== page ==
# RF PCB Design Difference Between Controlled Impedance Track and Impedance Matching Circuit

Im new on RF circuit designing. Im designing an circuit with GSM and GPS capabilities. I know when using high frequency signals the RF traces must be impedance matched. Now what I understand is, I can make it by impedance mathing circuits like pi-network but this will require antenna tuning and I dont have the tools for that, or I can use impedance controlled traces(microstrip line) on my PCB. What I don't understand is: which one is better or must I use impedance controlled lines and impedance matching circuit?

It is not an either/or situation.

Impedance controlled traces make feedlines of a known characteristic impedance, just like most coax is 50 or 75 ohms, and ladder-line is often 300 or 450 ohms. As a rule of thumb, any trace or wire longer than 1/10th the wavelength has to be considered a transmission line, in which case you must know the characteristic impedance. Trying to use a transmission line in your circuit without knowing the characteristic impedance is like trying to use a resistor without knowing the resistance.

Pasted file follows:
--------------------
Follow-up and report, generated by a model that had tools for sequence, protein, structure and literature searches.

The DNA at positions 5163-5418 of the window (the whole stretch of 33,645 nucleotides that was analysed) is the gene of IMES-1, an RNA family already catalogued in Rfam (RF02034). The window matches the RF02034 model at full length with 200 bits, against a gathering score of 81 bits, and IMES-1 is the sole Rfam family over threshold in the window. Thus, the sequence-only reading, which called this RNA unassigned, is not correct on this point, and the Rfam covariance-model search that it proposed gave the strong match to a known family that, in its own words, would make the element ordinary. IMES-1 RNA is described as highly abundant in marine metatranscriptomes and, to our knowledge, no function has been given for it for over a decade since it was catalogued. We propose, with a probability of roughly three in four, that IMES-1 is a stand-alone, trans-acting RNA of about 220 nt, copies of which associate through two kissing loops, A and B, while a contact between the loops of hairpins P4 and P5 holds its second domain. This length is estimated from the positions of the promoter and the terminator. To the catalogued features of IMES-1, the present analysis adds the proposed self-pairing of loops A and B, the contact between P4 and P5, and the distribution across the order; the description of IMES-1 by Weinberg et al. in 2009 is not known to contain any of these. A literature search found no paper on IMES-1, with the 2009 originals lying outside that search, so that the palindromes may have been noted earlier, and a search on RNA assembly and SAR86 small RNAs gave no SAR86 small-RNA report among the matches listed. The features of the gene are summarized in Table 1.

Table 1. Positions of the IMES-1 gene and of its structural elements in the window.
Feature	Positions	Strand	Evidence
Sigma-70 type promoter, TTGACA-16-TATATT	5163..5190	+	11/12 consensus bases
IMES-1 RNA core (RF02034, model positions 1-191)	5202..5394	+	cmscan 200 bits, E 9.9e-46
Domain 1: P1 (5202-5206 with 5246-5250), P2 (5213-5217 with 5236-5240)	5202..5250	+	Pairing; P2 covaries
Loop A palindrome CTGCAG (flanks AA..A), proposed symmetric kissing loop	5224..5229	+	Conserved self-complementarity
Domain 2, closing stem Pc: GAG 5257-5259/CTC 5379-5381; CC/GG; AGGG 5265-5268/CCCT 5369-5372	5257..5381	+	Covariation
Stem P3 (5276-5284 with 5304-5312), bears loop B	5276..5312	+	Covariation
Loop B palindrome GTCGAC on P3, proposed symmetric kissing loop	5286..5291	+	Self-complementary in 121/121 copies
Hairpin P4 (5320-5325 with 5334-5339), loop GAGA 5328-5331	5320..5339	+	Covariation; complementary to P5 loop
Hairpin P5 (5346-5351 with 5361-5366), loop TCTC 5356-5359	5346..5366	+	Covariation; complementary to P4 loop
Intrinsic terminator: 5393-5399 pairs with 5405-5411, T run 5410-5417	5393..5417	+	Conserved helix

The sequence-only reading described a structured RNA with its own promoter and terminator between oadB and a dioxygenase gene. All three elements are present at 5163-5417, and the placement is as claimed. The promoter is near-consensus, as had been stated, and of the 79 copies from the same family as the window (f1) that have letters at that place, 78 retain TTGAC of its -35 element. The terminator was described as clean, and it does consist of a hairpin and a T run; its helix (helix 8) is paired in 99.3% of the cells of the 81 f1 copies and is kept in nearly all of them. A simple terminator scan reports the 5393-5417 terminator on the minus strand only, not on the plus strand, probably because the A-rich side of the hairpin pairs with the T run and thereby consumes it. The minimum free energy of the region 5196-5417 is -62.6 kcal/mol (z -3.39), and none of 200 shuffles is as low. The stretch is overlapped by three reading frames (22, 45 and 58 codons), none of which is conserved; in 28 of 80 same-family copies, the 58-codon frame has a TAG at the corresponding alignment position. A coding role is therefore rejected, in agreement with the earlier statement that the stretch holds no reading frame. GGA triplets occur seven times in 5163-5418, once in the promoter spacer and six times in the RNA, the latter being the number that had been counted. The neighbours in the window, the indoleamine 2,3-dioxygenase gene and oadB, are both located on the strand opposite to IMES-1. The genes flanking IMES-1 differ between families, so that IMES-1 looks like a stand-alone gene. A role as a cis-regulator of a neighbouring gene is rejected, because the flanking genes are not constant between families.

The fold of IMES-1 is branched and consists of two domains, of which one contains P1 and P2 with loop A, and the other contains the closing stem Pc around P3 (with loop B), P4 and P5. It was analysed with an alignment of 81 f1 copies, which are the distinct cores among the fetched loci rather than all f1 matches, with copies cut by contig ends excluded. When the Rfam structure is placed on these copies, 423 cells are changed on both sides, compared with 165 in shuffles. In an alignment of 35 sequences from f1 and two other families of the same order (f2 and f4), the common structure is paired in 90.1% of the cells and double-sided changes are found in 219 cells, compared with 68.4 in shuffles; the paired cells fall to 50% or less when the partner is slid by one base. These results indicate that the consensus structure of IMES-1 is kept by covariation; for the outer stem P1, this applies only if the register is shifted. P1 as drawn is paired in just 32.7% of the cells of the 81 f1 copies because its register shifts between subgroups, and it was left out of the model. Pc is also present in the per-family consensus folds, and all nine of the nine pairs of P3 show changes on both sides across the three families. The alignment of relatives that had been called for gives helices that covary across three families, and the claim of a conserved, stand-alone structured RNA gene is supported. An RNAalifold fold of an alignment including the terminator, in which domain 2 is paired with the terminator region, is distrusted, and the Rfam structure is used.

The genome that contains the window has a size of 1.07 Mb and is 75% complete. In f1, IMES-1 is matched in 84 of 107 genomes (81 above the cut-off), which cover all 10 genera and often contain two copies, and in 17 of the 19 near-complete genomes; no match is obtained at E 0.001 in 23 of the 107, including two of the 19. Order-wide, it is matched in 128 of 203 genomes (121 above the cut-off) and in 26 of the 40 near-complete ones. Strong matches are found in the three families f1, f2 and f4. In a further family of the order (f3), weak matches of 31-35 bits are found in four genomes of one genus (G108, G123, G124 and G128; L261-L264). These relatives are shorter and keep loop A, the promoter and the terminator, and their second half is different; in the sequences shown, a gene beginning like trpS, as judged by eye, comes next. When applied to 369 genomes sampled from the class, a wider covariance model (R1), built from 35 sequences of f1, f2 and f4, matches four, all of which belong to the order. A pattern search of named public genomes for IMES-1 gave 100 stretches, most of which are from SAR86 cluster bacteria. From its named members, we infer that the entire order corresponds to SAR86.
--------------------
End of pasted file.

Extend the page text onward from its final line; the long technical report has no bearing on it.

Impedance matching circuits are circuits which transform one impedance to another. Designers usually try to keep them to a minimum since they cost something both in money and signal power. The matching circuit might consist of short (usually 1/4 wavelength or less) sections of transmission lines, but also inductors, capacitors, transformers, and (less commonly) resistors.

To add to Phil's answer: if your antenna, source and transmission line (the impedance controlled traces) are all of the same impedance, you don't need an impedance matching circuit. Most common impedance for RF applications is 50 ohms.

The impedance matching circuits are only there to connect two systems with a different impedance to each other.

Creating impedance matched traces is not necessarily hard to do. Take a look at a page like https://www.eeweb.com/tools/symmetric-stripline-impedance to calculate which dimensions to use. However, the frequencies you are talking about are rather high so things get harder to do "right".

Then again, you might not require the "perfect" board to get your "product" to work, it depends on the application... So try it out and see where you end up.